Best of London Part III – Fortnum & Mason
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Tags: Fortnum & Mason London Luxury Department store
Imagine my surprise to discover I wanted to write a glowing article for my newest Travel Series “Best of London” about a Department store! (Just when did I fall and hit my head, anyways)? But no, there were no mishaps involved. If anything, our discovery was what I would term a “happy accident” as we wandered down Piccadilly Street, the atmosphere vibrant on this uncommonly sunny London day. We paused to focus on the historic grandness all around us – and what should our eyes alight upon but this gorgeously decorated building. Take a peek at our slideshow below to see some of the delights inside this incredible store, and read on below to discover a bit about the history of this prestigious landmark.
Fortnum & Mason, a venerated and historic London landmark, was proclaiming it’s affection for the upcoming Royal Jubilee with a tribute focusing on a grand theme called “The Queen’s Beasts”. Talk about wow-factor! Not only were these colourful creatures perching precariously along the front of the four story building; Fortnum’s window display designer, Paul Symes, chose to highlight the wildly beautiful and historic collection of animals in the large shop windows along Piccadilly Street. As we stepped inside, we could see the theme continued, from ornate cookie tins and jars of marmalade, to bottles of Champagne, bone china teapots, aprons and tea towels. Their fantastical and colorful designs were instantly appealing & delightful.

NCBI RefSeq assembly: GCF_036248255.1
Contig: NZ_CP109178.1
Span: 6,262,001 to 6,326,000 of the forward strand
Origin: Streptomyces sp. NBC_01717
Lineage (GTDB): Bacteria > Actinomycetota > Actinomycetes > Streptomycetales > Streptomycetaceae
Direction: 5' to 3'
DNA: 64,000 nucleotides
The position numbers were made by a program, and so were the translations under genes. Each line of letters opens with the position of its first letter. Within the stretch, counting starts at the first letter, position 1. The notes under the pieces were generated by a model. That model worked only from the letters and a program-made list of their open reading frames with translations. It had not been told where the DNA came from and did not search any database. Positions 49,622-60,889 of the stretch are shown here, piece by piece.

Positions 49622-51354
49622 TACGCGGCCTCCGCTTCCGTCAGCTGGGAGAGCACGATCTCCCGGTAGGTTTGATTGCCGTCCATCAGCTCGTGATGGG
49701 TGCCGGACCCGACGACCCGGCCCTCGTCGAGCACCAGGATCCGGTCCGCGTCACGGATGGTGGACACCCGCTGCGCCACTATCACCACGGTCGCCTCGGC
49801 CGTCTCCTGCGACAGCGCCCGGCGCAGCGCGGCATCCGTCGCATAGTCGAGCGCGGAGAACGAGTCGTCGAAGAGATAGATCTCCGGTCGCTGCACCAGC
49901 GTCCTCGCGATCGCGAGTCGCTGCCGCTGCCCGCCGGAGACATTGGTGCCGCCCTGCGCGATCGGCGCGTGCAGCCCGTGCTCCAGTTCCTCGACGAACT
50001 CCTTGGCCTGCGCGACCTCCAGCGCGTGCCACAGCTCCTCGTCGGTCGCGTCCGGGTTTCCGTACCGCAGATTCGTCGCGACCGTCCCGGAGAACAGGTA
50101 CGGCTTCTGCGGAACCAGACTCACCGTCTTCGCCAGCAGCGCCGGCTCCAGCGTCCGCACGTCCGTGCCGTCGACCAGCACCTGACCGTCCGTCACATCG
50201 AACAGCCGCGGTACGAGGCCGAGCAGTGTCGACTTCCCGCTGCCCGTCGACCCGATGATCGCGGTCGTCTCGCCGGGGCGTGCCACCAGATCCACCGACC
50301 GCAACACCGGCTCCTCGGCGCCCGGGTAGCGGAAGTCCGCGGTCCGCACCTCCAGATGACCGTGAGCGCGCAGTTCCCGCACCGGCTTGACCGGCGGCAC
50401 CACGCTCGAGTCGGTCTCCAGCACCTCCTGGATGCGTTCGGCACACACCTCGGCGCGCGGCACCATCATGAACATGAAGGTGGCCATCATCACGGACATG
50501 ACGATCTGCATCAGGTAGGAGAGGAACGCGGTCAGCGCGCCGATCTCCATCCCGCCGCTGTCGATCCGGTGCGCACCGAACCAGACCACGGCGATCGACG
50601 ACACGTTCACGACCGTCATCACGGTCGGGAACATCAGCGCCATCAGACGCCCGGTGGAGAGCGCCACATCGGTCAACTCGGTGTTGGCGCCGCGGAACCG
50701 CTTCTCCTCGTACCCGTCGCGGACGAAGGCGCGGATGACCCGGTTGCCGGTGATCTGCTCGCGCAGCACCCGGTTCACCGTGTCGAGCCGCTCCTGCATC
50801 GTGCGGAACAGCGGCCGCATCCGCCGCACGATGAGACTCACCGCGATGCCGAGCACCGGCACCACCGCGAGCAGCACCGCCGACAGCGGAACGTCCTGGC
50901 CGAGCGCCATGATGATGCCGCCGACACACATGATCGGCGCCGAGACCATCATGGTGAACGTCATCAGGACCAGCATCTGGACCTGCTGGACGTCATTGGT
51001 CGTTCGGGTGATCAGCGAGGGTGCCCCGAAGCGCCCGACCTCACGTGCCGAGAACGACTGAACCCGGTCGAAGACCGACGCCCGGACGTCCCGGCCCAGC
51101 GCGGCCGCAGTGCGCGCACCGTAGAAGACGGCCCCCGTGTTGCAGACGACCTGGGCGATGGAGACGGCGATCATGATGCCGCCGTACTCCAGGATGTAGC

A brief history helps to understand the British fascination for this iconic department store. The Great Fire of London had swept through London in 1666, and many families had come from Oxford as “high class builders” to help rebuild the St. James and Mayfair Districts as an elite district. Enter William Fortnum, whose family had made the journey to rebuild. William was fortunate to not only land a position as a footman in Queen Anne’s household , but to chance upon a Mr. Hugh Mason who just happened to be looking for a tenant to rent the spare room of his small home and neighbourhood store in St. Jame’s Market. It turned out that the Royal Family had a rather wasteful insistence on having new candles every night. We must give William credit as being one of the very first recyclers! Access to an unlimited supply of wax at no cost meant quite a profit for this enterprising young man. Combine this with Mr. Mason’s shop business, and one could say the spark of possibilities was lit for the two young businessmen.
As the 1700′s brought about a plethora of new trading routes, international trading exploded with Fortnum & Mason front and centre, sourcing & selling unique & delicious goods that could be bought nowhere else in the world. Indian spices, honey, fresh & dried fruits, exotic nuts, olives, preserves, coffee’s and tea, and innovative tools such as nutcrackers and jar openers all made an appearance at Fortnum & Mason. A historic encounter was had with one “Mr. Heinz” who travelled to London to introduce his invention, “tinned baked beans” having heard about Fortnum and Mason’s special “knives for opening tins”. Fortnum & Mason bought all five cases, recognizing the potential of marketing this nutritious staple to the masses of the UK, and England has never been without tinned beans since.